The purpose of this programme, which was previously named Trade Promotion and Market Access is to promote economic development, trade and market access for agriculture, forestry and fisheries products and to foster international relations for the sector. This programme saw a budgetary decrease of 2.5 per cent in real terms, due to decreases of 3.6 per cent and 10 per cent (in real terms) in the Cooperatives and Rural Business Development and Agroprocessing and Marketing sub-programmes, respectively. The budgetary reduction in both sub-programmes does not make sense given the Department’s mandate of job creation through agroprocessing under the NGP and the IPAP2; its strategic outcome of rural job creation and promoting economic livelihoods and supporting smallholder producers and rural communities with market access . In addition, the Department plans to establish 12 commodity associations, 378 rural ‘sustainable’ cooperatives (108 in agriculture, 126 in forestry and 144 in fisheries) and value chain networks for all the three sectors in the medium term. Yet, the programme’s budget allocation does not speak to these activities.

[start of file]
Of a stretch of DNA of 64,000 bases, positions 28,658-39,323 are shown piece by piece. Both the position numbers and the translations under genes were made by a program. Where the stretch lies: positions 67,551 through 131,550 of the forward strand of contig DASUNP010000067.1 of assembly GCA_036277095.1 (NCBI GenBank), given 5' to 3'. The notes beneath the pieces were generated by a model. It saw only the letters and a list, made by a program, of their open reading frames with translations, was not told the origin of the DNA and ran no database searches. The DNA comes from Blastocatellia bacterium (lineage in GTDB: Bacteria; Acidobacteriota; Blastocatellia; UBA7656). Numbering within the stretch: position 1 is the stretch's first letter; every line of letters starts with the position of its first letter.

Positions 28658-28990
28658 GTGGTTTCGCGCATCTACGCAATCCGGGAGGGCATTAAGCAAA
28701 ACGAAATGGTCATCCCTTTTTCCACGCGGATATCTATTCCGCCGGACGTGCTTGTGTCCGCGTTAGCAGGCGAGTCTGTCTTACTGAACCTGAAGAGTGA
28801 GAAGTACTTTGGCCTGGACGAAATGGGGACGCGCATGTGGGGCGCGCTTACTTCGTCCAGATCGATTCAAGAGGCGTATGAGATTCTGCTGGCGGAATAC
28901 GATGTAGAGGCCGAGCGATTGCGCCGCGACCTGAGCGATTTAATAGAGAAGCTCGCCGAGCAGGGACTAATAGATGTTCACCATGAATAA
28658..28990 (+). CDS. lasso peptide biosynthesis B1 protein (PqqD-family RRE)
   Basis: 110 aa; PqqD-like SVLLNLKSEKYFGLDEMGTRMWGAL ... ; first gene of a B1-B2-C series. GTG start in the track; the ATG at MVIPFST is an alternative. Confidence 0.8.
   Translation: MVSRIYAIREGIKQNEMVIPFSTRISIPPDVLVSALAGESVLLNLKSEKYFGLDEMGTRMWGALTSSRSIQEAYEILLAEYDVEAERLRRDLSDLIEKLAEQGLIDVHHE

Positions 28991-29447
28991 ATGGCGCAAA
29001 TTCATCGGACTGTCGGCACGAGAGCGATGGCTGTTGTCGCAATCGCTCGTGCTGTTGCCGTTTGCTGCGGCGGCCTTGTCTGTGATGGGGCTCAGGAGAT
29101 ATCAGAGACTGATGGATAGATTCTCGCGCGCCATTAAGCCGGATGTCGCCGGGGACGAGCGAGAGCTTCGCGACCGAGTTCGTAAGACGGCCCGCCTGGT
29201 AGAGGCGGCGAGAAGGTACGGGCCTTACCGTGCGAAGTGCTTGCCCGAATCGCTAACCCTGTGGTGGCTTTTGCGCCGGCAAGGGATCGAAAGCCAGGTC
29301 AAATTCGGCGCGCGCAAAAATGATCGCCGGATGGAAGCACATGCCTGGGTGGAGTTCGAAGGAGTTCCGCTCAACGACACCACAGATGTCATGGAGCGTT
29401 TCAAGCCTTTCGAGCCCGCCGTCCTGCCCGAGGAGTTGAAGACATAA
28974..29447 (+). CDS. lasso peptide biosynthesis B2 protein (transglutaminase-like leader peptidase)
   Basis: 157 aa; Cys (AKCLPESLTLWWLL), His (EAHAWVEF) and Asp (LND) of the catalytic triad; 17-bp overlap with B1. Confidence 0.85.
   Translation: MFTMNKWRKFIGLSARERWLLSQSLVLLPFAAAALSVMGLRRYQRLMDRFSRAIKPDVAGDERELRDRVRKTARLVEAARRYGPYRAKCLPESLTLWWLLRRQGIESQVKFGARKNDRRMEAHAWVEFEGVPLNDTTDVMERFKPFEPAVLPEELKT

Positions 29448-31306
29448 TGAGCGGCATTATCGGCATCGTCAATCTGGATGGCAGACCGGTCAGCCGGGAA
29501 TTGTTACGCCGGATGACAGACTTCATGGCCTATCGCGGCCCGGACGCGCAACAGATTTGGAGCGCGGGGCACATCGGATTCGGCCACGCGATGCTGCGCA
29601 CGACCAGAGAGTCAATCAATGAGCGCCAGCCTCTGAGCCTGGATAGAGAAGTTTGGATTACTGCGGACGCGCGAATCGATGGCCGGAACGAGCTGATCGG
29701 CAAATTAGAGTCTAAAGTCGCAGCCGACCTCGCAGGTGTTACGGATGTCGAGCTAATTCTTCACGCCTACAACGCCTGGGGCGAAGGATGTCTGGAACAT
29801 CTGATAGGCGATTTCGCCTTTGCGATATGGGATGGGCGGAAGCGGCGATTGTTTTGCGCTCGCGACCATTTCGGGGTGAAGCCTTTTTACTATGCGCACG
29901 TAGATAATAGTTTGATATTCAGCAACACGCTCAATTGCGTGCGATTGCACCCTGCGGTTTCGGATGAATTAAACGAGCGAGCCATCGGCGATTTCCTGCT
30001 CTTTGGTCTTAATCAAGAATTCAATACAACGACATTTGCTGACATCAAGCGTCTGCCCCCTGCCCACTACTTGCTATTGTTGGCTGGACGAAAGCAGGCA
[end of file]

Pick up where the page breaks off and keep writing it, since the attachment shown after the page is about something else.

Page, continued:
4.5 Programme 5: Forestry and Natural Resources Management